Although homeownership rates in 2017 still linger around 64 percent in the United States, there is a slight downward trend compared to rates from five years prior. A 2017 survey found that among all adult age groups, Millennials had the most pessimistic outlook about home purchases. This may have major implications for the housing markets of several major cities which have seen an influx of Millennials, such as the Riverside area of Southern California, or New Orleans, Louisiana.
A 2017 survey showed that only 11 percent of younger Millennials and 29 percent of older Millennials own their own home, most prefer to rent or live with friends or family. It was once considered a shameful thing for a grown man or woman to live with his or her parents, but in 2017 about 55 percent of adults aged 24 and under still lived with their parents, perhaps signaling a shift in what is considered normal and socially acceptable in America. Much of this could be attributed to rising college tuition and the vastly expanding student loan debt that has affected millions of young Americans. Some of the biggest obstacles for Millennials who wish to become homeowners are the costliness of the down payment, and the lack of financial security due to student loan debt .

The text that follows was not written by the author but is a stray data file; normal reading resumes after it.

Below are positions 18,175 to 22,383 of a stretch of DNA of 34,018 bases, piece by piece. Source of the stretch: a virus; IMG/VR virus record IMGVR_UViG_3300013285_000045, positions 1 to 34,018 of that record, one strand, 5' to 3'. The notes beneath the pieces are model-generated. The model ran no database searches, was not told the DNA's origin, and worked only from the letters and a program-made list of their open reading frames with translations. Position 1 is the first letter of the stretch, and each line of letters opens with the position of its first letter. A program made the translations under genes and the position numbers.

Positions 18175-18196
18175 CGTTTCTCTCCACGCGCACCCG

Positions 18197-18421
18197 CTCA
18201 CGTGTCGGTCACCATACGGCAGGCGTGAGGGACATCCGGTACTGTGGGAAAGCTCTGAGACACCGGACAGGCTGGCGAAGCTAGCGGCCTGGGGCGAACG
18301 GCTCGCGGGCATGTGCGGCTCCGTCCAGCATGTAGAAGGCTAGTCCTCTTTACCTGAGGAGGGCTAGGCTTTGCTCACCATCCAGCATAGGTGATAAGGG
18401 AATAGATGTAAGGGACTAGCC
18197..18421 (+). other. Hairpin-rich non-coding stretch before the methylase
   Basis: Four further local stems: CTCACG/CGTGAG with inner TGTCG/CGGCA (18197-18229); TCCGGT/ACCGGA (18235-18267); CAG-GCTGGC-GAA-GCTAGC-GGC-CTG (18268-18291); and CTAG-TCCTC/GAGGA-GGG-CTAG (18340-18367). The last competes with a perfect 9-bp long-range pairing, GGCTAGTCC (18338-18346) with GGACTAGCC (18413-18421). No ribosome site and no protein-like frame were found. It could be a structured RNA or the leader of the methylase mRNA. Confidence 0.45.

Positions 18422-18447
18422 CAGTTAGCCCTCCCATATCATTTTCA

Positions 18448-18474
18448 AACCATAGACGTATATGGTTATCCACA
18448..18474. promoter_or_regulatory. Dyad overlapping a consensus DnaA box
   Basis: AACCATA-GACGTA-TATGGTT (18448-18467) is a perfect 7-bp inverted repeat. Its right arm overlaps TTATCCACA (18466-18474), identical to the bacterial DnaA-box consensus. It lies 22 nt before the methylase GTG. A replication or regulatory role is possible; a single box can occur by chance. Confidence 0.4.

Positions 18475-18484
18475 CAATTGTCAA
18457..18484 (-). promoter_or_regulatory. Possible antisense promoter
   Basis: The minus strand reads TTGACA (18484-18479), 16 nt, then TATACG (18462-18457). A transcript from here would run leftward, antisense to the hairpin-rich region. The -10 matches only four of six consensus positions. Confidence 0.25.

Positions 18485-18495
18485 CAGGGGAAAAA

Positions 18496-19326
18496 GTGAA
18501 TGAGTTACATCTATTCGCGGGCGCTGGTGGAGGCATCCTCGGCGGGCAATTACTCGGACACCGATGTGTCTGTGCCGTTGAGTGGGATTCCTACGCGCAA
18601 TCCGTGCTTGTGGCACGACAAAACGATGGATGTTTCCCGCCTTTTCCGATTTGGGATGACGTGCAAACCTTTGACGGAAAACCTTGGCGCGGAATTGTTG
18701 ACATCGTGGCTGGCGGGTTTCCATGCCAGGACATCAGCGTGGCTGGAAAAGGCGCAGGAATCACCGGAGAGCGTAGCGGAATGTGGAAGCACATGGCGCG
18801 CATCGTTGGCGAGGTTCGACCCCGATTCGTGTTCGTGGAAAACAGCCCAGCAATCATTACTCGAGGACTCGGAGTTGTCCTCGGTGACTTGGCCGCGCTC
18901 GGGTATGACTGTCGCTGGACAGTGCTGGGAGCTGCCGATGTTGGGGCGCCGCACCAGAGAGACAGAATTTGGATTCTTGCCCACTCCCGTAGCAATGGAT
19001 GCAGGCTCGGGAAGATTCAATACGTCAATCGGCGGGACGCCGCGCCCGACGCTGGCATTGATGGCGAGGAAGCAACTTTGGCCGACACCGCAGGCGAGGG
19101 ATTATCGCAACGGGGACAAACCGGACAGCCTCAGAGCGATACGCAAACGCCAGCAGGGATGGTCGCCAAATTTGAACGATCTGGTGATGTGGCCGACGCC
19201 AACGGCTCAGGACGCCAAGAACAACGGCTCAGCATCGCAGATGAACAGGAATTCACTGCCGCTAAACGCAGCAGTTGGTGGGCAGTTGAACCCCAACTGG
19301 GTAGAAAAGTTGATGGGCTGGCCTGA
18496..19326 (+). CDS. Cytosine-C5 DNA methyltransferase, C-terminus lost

This is not to say that Millennials are uninterested in becoming homeowners eventually. In 2016, 80 percent of U.S. Millennials reported that they plan to eventually buy a house or apartment, an increase from 74 percent in 2014. In fact, nearly 50 percent of new home owners in cities such as Pittsburgh, Pennsylvania and Washington D.C. are Millennials. In spite of the gloomy financial situation that many Millennials find themselves in, a 2017 survey reported that 44 percent of Millennials plan to purchase a home within the next five years.